Ocean Currents. Why is Ocean Circulation Important?. Transport heat Equator to poles Transport nutrients and organisms Influences weather and climate Influences commerce. Ocean Currents. Surface Currents The upper 400 meters of the ocean (10%). Deep Water Currents
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Why is Ocean Circulation Important? • Transport heat • Equator to poles • Transport nutrients and organisms • Influences weather and climate • Influences commerce
Ocean Currents • Surface Currents • The upper 400 meters of the ocean (10%). • Deep Water Currents • Thermal/Salinity currents (90%)
90o 60o Surface Currents • Forces • Solar Heating (temp, density) • Winds • Coriolis 30o 0o 30o 60o 90o
What do Nike shoes, rubber ducks, and hockey gloves have to do with currents?
Duckie Progress • January 1992 - shipwrecked in the Pacific Ocean, off the coast of China • November 1992 - half had drifted north to the Bering Sea and Alaska; the other half went south to Indonesia and Australia • 1995 to 2000 - spent five years in the Arctic ice floes, slowly working their way through the glaciers2001 - the duckies bobbed over the place where the Titanic had sunk • 2003 - they were predicted to begin washing up onshore in New England, but only one was spotted in Maine • 2007 - a couple duckies and frogs were found on the beaches of Scotland and southwest England.
2004-2007 Barber’s Point
Surface and Deep-Sea Current Interactions “Global Ocean Conveyor Belt”
Transport by Currents • Surface currents play significant roles in transport heat energy from equatorial waters towards the poles • Currents also involved with gas exchanges, especially O2 and CO2 • Nutrient exchanges important within surface waters (including outflow from continents) and deeper waters (upwelling and downwelling) • Pollution dispersal • Impact on fisheries and other resources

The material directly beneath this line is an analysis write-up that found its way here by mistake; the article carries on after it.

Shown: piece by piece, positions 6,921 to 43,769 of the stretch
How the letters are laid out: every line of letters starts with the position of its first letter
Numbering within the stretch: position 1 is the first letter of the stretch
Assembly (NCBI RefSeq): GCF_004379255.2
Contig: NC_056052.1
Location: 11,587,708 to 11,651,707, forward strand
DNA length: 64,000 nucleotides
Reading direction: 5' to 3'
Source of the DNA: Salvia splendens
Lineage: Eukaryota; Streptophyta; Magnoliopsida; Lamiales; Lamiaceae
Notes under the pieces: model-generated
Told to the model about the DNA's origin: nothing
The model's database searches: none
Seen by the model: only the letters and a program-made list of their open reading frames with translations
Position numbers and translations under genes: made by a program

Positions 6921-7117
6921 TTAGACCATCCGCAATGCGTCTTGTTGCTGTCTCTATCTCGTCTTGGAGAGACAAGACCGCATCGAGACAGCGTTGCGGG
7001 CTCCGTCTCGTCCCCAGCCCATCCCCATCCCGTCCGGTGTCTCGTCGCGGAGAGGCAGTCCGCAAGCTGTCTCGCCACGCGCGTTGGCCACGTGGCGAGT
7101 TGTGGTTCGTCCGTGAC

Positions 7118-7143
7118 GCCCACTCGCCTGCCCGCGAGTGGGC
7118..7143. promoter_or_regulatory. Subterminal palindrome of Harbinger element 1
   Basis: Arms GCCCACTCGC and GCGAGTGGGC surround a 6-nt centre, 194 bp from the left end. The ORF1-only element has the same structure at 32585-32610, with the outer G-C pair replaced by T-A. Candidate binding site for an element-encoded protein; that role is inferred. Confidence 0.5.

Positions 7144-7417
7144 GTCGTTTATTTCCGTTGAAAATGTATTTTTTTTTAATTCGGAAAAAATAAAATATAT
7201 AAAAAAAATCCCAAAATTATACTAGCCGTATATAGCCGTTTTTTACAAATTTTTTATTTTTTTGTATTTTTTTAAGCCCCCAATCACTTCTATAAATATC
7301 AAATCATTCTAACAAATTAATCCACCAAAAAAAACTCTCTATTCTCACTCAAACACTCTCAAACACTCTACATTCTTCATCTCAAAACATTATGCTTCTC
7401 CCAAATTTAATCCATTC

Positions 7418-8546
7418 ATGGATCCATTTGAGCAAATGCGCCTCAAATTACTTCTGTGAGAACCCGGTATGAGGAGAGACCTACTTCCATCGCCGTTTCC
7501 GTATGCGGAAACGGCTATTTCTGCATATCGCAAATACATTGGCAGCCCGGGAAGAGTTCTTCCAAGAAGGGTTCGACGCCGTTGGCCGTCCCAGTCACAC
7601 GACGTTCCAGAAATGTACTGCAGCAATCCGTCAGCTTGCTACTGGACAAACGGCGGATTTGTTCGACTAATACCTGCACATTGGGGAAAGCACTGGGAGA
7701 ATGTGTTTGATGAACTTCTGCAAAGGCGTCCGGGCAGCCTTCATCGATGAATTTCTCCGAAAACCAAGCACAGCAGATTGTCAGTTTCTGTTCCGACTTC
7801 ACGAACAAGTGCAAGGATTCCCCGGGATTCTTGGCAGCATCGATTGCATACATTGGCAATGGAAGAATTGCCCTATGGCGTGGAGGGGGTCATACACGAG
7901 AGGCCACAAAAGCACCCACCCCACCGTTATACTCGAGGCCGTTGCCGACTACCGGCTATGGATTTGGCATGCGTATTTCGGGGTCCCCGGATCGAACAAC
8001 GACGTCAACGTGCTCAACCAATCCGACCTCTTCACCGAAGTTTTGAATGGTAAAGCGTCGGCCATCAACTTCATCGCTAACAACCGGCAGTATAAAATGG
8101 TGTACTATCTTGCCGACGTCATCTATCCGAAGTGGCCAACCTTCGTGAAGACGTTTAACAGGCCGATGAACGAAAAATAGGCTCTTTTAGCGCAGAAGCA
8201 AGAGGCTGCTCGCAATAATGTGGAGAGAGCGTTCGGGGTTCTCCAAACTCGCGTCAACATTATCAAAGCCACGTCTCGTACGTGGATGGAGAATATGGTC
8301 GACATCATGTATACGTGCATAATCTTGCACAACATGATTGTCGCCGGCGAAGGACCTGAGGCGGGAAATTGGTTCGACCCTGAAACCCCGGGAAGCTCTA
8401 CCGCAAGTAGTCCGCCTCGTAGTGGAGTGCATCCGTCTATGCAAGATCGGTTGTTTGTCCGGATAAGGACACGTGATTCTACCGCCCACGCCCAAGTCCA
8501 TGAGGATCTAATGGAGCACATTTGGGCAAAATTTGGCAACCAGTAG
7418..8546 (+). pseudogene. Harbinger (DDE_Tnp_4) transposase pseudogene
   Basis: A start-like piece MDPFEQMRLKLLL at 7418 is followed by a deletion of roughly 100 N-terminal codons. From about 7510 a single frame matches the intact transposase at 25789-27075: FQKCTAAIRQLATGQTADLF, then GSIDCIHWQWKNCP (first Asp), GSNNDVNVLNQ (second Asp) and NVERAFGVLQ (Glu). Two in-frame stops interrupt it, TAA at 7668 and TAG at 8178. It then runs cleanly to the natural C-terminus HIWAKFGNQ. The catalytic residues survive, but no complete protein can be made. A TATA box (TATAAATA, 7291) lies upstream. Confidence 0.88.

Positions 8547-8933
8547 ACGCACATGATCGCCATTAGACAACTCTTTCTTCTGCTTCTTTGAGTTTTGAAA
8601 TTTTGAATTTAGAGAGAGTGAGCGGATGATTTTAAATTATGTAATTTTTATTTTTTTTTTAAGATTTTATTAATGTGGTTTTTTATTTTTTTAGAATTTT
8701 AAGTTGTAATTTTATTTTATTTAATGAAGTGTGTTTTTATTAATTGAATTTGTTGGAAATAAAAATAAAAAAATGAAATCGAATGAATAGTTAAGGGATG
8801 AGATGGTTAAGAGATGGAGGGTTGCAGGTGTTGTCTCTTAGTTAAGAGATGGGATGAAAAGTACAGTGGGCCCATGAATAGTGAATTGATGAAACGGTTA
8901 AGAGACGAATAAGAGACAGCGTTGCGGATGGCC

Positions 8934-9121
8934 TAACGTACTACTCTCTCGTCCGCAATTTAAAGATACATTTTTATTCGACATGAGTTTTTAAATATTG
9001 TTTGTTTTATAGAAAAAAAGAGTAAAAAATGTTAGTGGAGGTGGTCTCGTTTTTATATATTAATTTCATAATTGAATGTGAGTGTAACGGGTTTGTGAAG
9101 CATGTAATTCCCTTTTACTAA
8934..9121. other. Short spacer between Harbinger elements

Thermohaline Circulation Global ocean circulation that is driven by differences in the density of the sea water which is controlled by temperature and salinity.
Thermohaline Circulation White sections represent warm surface currents. Purple sections represent deep cold currents
Upwelling and downwelling Vertical movement of water • Upwelling = movement of deep water to surface • Hoists cold, nutrient-rich water to surface • Produces high productivities and abundant marine life • Downwelling = movement of surface water down • Moves warm, nutrient-depleted surface water down • Not associated with high productivities or abundant marine life
El Niño-Southern Oscillation (ENSO) • El Niño= warm surface current in equatorial eastern Pacific that occurs periodically around December • Southern Oscillation= change in atmospheric pressure over Pacific Ocean accompanying El Niño • ENSO describes a combined oceanic-atmospheric disturbance
El Niño • Oceanic and atmospheric phenomenon in the Pacific Ocean • Occurs during December • 2 to 7 year cycle • Sea Surface Temperature • Atmospheric Winds • Upwelling
Non El Niño El Niño 1997
Non El Niño upwelling El Niño Thermocline – layer of ocean right beneath the “mixed layer” where temperatures decrease rapidly.
El Niño events over the last 55 years El Niño warmings (red) and La Niña coolings (blue) since 1950. Source: NOAA Climate Diagnostics Center
World Wide Effects of El Niño • Weather patterns • Marine Life • Economic resources El Nino Animation